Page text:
Econ808auction

Econ808auction - When and Why not to Auction * Colin M....

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Unformatted text preview: When and Why not to Auction * Colin M. Campbell Department of Economics Rutgers University New Brunswick, New Jersey 08901 Phone: (732) 932-8259 Fax: (732) 932-7416 campbell@econ.rutgers.edu Dan Levin Department of Economics The Ohio State University Columbus, Ohio 43210 levin.36@osu.edu October, 2001 * We thank theNSF for funding, and Richard McLean and seminar participants at the University of Pittsburgh, Johns Hopkins University, and Washington University for helpful commentary. The authors take responsibility for any errors. Campbell is corresponding author. Abstract Standard auctions are known to be a revenue-maximizing way to sell an object under broad conditions when buyers are symmetric and have independent pri- vate valuations. We show that when buyers have interdependent valuations, auctions may lose their advantage, even if symmetry and independence of in- formation are maintained. In particular, selling mechanisms that sometimes allow a buyer who does not have the highest valuation to win the object will in general increase all buyers' willingness to pay, possibly enough to oset the loss to the seller of not always selling to the buyer with the greatest willingness to pay. Journal of Economic Literature Classication Numbers: D44, D82. Keywords: Auctions, Posted Prices, Interdependencies, Adverse Selection 1. INTRODUCTION Auctions hold agrand place amonginstitutions of exchange. The universal appeal of auctions has its source in their transparency to the participants, their competitive benets for the seller (if a sales auction) or buyer (if a procurement auction), and their allocative eciency. In addition to having a long tradition of use and associated interest, auctions have received a recent surge of attention from government, industry, and academia, due in part to the progress of wireless technology and expanded demand, from many sources, for spectrum rights. Current debate on spectrum sales centers mostly on how best to design an auction that takes account of specic features of that market; that an auction ought to be employed at all is taken as virtually self-evident. Theoretic justication for auctions is strong. A signature result of auction theory is that certain standard, recognizable auction rules, when formalized as games, can in fact be the revenue-maximizing way to sell an object even when a fully general and complex set of potential selling rules is available. The environment for which this result holds, viz., buyers are ex-ante identical, and have independently determined private valuations the distribution of which satises certain regularity conditions, represents the core case of auction theory. In this case, it is optimal for the seller to sell the object to the buyer with the highest valuation conditional on selling at all, an outcome that standard auction formats (rst-price, second- price, English, Dutch) deliver as an equilibrium....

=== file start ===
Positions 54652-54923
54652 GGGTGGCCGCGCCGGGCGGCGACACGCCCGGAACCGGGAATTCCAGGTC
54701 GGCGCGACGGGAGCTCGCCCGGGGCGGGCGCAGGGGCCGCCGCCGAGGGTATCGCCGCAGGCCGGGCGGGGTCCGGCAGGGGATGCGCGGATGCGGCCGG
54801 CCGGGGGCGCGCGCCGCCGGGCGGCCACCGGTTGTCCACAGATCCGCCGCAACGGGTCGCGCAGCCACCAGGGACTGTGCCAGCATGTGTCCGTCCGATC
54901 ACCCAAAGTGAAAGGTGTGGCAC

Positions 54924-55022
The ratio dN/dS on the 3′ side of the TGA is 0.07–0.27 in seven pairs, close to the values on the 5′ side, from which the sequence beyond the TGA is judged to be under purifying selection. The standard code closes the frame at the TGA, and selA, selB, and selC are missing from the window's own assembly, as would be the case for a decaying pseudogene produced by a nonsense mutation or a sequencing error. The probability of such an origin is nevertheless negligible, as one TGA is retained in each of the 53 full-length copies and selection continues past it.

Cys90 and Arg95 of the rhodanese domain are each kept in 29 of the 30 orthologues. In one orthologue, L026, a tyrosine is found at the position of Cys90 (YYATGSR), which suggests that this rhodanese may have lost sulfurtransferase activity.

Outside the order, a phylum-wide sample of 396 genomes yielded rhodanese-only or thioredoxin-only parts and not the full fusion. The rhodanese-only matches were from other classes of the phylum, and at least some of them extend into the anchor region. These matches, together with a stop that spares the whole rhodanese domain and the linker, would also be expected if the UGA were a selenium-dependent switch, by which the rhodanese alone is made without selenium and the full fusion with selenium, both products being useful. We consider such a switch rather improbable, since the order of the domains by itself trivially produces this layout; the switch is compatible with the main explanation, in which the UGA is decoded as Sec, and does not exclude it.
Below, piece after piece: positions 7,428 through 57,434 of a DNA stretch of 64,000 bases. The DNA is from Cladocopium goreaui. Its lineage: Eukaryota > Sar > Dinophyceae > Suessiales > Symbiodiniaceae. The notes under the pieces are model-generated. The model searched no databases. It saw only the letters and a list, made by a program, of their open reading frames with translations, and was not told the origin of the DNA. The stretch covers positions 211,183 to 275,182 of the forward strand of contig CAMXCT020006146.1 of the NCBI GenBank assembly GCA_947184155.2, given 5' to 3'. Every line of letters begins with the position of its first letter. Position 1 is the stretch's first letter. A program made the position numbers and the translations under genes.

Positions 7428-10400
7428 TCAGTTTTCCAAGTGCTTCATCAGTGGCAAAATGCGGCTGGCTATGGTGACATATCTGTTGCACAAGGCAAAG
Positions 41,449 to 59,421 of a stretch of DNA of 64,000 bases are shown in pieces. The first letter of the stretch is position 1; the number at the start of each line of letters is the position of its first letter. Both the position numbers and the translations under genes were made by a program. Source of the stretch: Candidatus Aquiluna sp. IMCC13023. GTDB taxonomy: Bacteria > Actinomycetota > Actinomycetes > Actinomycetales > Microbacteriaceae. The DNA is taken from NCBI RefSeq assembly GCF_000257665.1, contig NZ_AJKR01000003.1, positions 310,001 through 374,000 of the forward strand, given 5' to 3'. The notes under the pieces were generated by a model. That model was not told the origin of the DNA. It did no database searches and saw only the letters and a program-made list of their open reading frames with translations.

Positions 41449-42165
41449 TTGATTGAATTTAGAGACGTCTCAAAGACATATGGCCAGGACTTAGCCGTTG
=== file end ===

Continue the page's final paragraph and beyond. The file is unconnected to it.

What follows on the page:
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Econ808auction - When and Why not to Auction * Colin M....

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